“The Insider Threat” by Brad Taylor is a realistic thriller. As a retired lieutenant colonel and a veteran of the U.S. Special Forces, he writes from his experiences and insights, creating a great premise. Although this story is fiction, it is also a chilling reminder of the serious threat of ISIS.
The plot has Pike Logan, the head of Taskforce, a covert terrorist unit, working with his team to thwart terrorist attacks. From Kenya to Jordan to Europe, and possibly here in America, they must find and stop ISIS recruits who are Americans with passports that allow them to move freely throughout the world.
“Libya is terrorist central, and I wanted to show the linkage with terrorism,” Taylor said. “That is why in the beginning of the book I put the quotes from them and allow readers to see how their words are dangerous. These people going to the Islamic State have a love for killing. By and large their policy is to be archaic and do disgusting acts. There is no negotiating with ISIS, since it only values killing people who they see as Infidels. They speak in ‘556,’ that is their language. Since ‘556’ is a military round of an army rifle, it becomes obvious there is no reasoning with them.”
All of the protagonists are strong, independent and complicated individuals whose sole passion is protecting what is right and good in this world. Israeli agents Aaron and Shoshana are fascinating characters that are brought back from the previous story. The interactions of all these characters make for good and humorous banter. Readers will root for these characters, with Shoshana seen as a female Pike.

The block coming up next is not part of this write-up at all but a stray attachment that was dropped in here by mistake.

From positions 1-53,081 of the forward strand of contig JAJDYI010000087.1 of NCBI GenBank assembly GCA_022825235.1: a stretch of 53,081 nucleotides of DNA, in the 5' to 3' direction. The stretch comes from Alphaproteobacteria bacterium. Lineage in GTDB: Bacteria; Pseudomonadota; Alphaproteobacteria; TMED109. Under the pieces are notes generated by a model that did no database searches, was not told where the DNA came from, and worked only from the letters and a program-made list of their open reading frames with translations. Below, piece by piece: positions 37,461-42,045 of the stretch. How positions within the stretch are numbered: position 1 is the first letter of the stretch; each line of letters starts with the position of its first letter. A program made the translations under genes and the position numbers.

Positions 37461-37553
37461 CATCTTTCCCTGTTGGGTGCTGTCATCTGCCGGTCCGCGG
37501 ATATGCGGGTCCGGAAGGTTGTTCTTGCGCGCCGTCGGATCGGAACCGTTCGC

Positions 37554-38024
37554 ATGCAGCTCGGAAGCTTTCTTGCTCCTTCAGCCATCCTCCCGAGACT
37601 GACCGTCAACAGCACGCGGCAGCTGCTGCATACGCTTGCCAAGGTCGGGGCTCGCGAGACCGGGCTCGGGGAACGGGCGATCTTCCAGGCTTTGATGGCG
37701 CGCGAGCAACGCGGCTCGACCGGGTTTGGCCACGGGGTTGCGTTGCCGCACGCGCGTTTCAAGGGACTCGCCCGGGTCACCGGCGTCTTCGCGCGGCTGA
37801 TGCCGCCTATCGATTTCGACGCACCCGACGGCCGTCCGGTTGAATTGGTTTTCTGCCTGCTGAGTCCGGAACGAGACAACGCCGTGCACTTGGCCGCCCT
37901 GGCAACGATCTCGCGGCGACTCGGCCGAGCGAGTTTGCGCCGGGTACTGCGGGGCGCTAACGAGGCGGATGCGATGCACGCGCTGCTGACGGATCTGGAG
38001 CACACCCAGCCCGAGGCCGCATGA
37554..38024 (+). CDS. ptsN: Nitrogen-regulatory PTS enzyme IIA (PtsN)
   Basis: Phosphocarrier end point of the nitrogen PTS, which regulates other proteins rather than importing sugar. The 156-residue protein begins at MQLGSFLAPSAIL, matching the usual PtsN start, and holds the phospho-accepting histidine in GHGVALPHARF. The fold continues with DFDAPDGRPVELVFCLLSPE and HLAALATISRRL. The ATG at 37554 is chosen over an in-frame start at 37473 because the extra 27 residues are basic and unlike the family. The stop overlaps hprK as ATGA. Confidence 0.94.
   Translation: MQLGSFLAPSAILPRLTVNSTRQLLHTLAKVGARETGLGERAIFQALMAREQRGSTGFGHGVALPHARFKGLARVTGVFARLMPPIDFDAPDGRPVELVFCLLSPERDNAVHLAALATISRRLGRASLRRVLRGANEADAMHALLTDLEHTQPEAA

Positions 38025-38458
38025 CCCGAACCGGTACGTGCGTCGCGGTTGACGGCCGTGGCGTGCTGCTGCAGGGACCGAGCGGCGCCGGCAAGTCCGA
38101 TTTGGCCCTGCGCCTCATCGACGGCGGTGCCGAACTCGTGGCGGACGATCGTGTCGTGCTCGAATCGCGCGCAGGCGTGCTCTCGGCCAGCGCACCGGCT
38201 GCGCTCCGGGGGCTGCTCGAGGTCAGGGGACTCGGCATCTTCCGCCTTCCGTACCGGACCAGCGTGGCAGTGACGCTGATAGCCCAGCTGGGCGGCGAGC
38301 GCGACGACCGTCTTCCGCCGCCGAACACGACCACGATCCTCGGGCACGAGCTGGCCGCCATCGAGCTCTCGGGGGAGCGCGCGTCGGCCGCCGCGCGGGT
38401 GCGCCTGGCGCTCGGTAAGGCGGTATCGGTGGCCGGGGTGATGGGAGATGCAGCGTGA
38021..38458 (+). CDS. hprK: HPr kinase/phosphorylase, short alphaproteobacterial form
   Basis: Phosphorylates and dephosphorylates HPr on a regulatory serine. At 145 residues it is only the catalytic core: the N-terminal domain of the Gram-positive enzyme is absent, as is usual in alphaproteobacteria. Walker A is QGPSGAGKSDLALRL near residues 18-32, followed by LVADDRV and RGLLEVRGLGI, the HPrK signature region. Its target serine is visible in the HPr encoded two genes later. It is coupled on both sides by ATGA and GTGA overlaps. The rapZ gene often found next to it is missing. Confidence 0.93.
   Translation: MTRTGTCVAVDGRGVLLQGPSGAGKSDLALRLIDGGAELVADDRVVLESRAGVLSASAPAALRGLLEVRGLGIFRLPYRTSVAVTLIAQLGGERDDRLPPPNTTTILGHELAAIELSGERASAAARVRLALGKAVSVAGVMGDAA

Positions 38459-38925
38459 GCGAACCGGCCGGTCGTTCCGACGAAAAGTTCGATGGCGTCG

“I wanted to find a way to bring the Israeli agents back for this book,” Taylor said. “I found out how to do it when I discovered through research that the beheaded journalist, Steven Sotloff, actually had dual Israeli-American citizenship.
“The interaction between these characters makes for an interesting story. Shoshana is a victim of her own violent circumstances, which makes her different than Jennifer who still sees the world through rose colored glasses. Pike likes Shoshana because she is similar to him: not politically correct and will bend the rules as far as she can go, unless given a direct order.”
On the other hand, the antagonists are pure evil. They are based on the 1987 movie “The Lost Boys,” where a gang of vampires recruits teenage boys. Taylor labels his terrorist group, The Lost Boys, who are young American men that have gone to the dark side by working with ISIS. They are blond-haired and blue-eyed with no social media presence, who can slip easily into the U.S., falling under the radar. Another interesting fact is that a main terrorist is named Ringo, while others are called the Beatles, named after the legendary rock group because of their English accents.
A theme evident in all of Taylor’s books is how commanders must play Monday morning quarterback. Based on his own experiences, Taylor “wants to show if you make a decision in combat it may not necessarily be the correct one. Sometimes you make a decision and bad things happen, which you must live with and try to learn from.”
“The Insider Threat” has nonstop action, and a very realistic plot. As with Tom Clancy, Taylor is able to write about serious dangers in a very suspenseful and intense way. Through well-defined characters and dialogue, this novel is a page-turner that is a must read.